The Mein Man Makes Biang-Biang Noodles

My first-ever bowl of homemade biang-biang noodles (6+ minute egg with XO sauce in the background)

My first-ever bowl of homemade biang-biang noodles (6+ minute egg with XO sauce in the background)

The next day, a new bowl, with noodles slightly thinner and silkier

The next day, a new bowl, with noodles slightly thinner and silkier

I’ve obviously exhibited a lot of enthusiasm lately for hot oil-seared biang-biang noodles. They’re addictively delicious! We’re lucky to have two places serving these Xi’an-style noodles in Seattle. At Biang! in Edmonds, the noodles are silky smooth and the bowl is packed with chili flavor. At QQ mini Hot Pot in the University District, the noodles are a little thicker, and the bowl is flavored with more of a vinegary taste.

I’m so addicted to this dish that I decided to try to make them at home. This saves me money on gas and food expense, as the noodles themselves cost only about 30 cents per portion and the rest of the ingredients have fairly negligible cost. Plus, as I’m not yet of retirement age and therefore not ready to join my Japanese cohorts in the older age custom of making soba noodles, this gives me an exciting new noodle challenge.

Actually, biang-biang noodles are fairly simple to make, but more difficult to master. Researching the noodles online, I stumbled upon a video clip of Danny Bowien (whose food I enjoyed at Mission Chinese Food in San Francisco several years ago) teaching Martha Stewart how to make the noodles. I love how he starts to ignore her comments in the longer version, though here’s a short version:

This past weekend, I played with an old bag of high-gluten flour to make the noodles two days in a row. Here’s a look at the process:

Preparing the dough, made with just flour, salt, and water

Preparing the dough, made with just flour, salt, and water

Unkneaded dough rests for 15 minutes

Unkneaded dough rests for 15 minutes

Kneading the dough involves rolling a log and folding it back on itself

Kneading the dough involves rolling a log and folding it back on itself

Kneaded dough rests: 3 hours is better than 30 minutes

Kneaded dough rests: 3 hours is better than 30 minutes

Kneaded dough cut into smaller sections and flattened, then rubbed with sesame oil

Kneaded dough cut into smaller sections and flattened, then rubbed with sesame oil

 

Stretching and thwacking dough against counter yields incredibly long noodles

Stretching and thwacking dough against counter yields incredibly long noodles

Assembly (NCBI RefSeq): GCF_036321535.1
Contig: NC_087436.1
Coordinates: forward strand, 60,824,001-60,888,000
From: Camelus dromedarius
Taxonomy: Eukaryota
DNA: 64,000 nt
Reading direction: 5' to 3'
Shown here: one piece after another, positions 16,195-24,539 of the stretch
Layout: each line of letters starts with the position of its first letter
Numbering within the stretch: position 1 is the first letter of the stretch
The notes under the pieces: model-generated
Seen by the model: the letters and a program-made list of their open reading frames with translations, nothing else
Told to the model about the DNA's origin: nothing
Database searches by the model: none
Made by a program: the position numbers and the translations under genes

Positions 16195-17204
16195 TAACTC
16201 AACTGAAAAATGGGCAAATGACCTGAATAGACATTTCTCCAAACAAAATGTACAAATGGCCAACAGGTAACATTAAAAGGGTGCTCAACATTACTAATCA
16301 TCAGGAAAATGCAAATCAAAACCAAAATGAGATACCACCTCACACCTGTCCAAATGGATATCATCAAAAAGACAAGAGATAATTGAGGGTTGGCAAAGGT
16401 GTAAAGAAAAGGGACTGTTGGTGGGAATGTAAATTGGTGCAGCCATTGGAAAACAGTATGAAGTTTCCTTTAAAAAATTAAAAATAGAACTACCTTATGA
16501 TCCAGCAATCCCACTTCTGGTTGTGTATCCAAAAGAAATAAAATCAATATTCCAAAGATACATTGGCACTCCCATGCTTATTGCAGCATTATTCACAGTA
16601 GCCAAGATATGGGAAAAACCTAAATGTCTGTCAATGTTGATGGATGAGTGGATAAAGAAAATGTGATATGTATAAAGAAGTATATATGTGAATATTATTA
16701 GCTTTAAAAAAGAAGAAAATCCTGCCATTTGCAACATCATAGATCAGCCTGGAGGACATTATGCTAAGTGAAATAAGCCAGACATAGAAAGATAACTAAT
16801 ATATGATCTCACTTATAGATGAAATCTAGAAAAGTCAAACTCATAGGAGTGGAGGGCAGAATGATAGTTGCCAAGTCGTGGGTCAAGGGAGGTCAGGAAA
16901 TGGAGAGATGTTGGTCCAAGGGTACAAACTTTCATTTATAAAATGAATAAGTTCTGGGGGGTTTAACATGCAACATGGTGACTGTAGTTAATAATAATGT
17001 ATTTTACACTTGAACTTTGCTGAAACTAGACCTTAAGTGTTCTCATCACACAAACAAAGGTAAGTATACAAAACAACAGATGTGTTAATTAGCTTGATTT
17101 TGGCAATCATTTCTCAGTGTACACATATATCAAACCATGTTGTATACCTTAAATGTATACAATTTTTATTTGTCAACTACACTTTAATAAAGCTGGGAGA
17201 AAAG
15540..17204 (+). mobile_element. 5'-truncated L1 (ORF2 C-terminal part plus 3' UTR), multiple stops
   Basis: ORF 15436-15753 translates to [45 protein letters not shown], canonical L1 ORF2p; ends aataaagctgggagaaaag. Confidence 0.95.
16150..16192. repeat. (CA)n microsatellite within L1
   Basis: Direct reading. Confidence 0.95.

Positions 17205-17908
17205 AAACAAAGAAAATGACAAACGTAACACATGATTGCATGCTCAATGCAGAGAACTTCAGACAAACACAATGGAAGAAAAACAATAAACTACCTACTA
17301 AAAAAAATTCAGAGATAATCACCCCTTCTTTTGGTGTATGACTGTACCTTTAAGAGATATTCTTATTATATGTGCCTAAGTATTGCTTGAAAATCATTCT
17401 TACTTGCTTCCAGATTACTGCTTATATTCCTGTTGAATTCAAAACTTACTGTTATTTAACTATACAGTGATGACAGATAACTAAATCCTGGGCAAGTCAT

Pouring hot oil onto chili flakes/spice mix atop the assembled bowl

Pouring hot oil onto chili flakes/spice mix atop the assembled bowl

Finished product: hot oil-searched biang-biang noodles

Finished product: hot oil-searched biang-biang noodles

Everything mixed, and ready to eat

Everything mixed, and ready to eat

At the start of this post, you can see the bowls of biang-biang noodles from day one and day two. The noodles were thinner and silkier the second day (but still certainly “rustic”), likely due to a longer resting time (3 hours instead of 30 minutes) after the kneading process, as well as improved technique in hand-stretching and slapping them (biang!) against the counter. I’m anxious to try fresher flour (next stop will be PFI to try their high-gluten flour, cheap in the bulk bin) as well to improve my technique to make the noodles even thinner. A rolling pin might help, but I prefer to do this entirely with my hands. The challenges are (1) the noodles tend to curl into themselves a bit, creating slight thickness, and (2) the ends of the noodles are slightly thicker, as that’s the place where they’re held for stretching. On the other hand, (1) some variation in thickness is okay, as it makes some areas silky and some more chewy, and (2) I’m getting better at the process, with the noodles getting thinner, especially as they get longer. I had some noodles running 5-6 feet long!

Meanwhile, I’ll continue tinkering with other ingredients to flavor the noodles. At the bottom of the bowls is a sauce that I make with light and dark soy sauce, black vinegar, chicken broth, and a little bit of sugar. On top I’m primarily putting chili flakes and ground Sichuan peppercorn, but am also playing with varying amounts of what you might find in five spice powder (and also cumin). At this point, I really want the chili flavor to be strong, and am wondering if some people add chili paste or chili oil to the bowl. The amount of hot (peanut) oil is also important; I tried to reduce the amount for less oil intake, but the flavor simply suffered. Lastly, it’s interesting to play with garlic, as that can enhance the flavor, but raw garlic has the downside of lingering on the breath for a long time after eating! For now, I’m thinking more chili flakes, more oil, and less soy-based sauce below.

My biang-biang noodle experimentation will continue, and I’ll try to update this post with any interesting new findings. And perhaps once I come closer to perfecting these noodles, I’ll take on the task of learning to write the incredibly complex character for “biang” as the next challenge:

Or, even better, do performance noodle-making like this (from A Woman, a Gun and a Noodle Shop):